Molecular and phenotypic characteristics of RSV infections in infants during two nirsevimab randomized clinical trials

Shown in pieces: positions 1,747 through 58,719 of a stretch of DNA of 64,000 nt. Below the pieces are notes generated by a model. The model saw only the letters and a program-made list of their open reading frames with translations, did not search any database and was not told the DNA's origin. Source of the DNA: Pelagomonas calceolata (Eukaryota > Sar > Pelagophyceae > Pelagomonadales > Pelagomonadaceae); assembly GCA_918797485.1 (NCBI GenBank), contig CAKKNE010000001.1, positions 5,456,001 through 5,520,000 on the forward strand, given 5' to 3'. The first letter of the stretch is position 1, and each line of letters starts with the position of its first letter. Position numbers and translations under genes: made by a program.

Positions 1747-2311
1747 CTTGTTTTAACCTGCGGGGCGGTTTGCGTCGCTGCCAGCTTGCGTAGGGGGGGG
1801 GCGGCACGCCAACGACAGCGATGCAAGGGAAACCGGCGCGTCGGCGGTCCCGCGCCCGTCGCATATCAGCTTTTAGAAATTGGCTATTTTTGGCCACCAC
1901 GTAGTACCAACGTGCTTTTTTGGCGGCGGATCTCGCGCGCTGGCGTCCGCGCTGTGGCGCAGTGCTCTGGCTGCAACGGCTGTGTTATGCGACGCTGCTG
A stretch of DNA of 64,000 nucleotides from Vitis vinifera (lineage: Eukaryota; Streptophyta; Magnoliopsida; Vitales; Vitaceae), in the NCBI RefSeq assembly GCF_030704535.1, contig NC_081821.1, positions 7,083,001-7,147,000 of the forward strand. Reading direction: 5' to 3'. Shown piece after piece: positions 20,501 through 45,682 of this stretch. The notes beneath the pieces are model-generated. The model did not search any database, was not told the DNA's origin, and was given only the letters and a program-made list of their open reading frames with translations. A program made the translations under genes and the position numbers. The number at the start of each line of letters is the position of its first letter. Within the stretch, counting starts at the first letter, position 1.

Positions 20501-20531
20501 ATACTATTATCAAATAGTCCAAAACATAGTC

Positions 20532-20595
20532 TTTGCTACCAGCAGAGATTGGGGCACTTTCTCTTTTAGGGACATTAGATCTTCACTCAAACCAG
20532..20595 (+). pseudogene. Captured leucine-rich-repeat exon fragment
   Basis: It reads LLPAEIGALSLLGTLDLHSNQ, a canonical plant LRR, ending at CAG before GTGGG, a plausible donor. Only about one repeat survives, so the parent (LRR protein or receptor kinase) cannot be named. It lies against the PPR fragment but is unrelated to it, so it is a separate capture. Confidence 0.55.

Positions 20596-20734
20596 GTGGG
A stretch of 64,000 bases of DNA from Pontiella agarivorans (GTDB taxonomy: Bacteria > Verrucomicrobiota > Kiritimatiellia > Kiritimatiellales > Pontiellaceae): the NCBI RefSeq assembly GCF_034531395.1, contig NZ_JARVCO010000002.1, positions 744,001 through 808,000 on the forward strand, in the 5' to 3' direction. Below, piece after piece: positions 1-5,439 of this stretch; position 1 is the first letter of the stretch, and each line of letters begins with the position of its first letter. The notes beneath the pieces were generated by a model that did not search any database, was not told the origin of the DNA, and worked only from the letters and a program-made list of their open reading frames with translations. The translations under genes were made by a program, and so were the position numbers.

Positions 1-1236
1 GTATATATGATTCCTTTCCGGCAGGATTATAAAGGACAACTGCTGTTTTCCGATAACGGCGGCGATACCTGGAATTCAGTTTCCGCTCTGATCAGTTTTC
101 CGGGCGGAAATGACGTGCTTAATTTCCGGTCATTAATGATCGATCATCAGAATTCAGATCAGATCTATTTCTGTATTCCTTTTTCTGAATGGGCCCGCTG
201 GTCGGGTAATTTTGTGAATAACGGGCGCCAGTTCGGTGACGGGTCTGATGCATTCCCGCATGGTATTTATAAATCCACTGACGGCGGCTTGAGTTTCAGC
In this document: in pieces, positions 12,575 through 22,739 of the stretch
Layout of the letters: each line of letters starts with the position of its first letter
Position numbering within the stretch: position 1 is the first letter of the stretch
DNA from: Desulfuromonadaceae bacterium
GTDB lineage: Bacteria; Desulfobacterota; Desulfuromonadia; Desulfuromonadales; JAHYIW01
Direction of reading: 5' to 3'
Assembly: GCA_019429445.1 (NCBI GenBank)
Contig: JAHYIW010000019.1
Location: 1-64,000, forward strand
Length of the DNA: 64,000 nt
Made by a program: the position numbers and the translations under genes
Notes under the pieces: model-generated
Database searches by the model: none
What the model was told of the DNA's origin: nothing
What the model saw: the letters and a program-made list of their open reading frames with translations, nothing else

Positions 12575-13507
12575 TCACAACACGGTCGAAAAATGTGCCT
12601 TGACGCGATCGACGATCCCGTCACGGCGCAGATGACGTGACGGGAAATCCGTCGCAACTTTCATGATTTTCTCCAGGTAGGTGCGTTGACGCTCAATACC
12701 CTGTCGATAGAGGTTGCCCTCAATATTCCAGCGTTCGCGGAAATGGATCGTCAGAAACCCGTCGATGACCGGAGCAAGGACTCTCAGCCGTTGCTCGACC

Nirsevimab is a monoclonal antibody that binds to the respiratory syncytial virus (RSV) fusion protein. During the Phase 2b (NCT02878330) and MELODY (NCT03979313) clinical trials, infants received one dose of nirsevimab or placebo before their first RSV season. In this pre-specified analysis, isolates from RSV infections were subtyped, sequenced and analyzed for nirsevimab binding site substitutions; subsequently, recombinant RSVs were engineered for microneutralization susceptibility testing. Here we show that the frequency of infections caused by subtypes A and B is similar across and within the two trials. In addition, RSV A had one and RSV B had 10 fusion protein substitutions occurring at >5% frequency. Notably, RSV B binding site substitutions were rare, except for the highly prevalent I206M:Q209R, which increases nirsevimab susceptibility; RSV B isolates from two participants had binding site substitutions that reduce nirsevimab susceptibility. Overall, >99% of isolates from the Phase 2b and MELODY trials retained susceptibility to nirsevimab.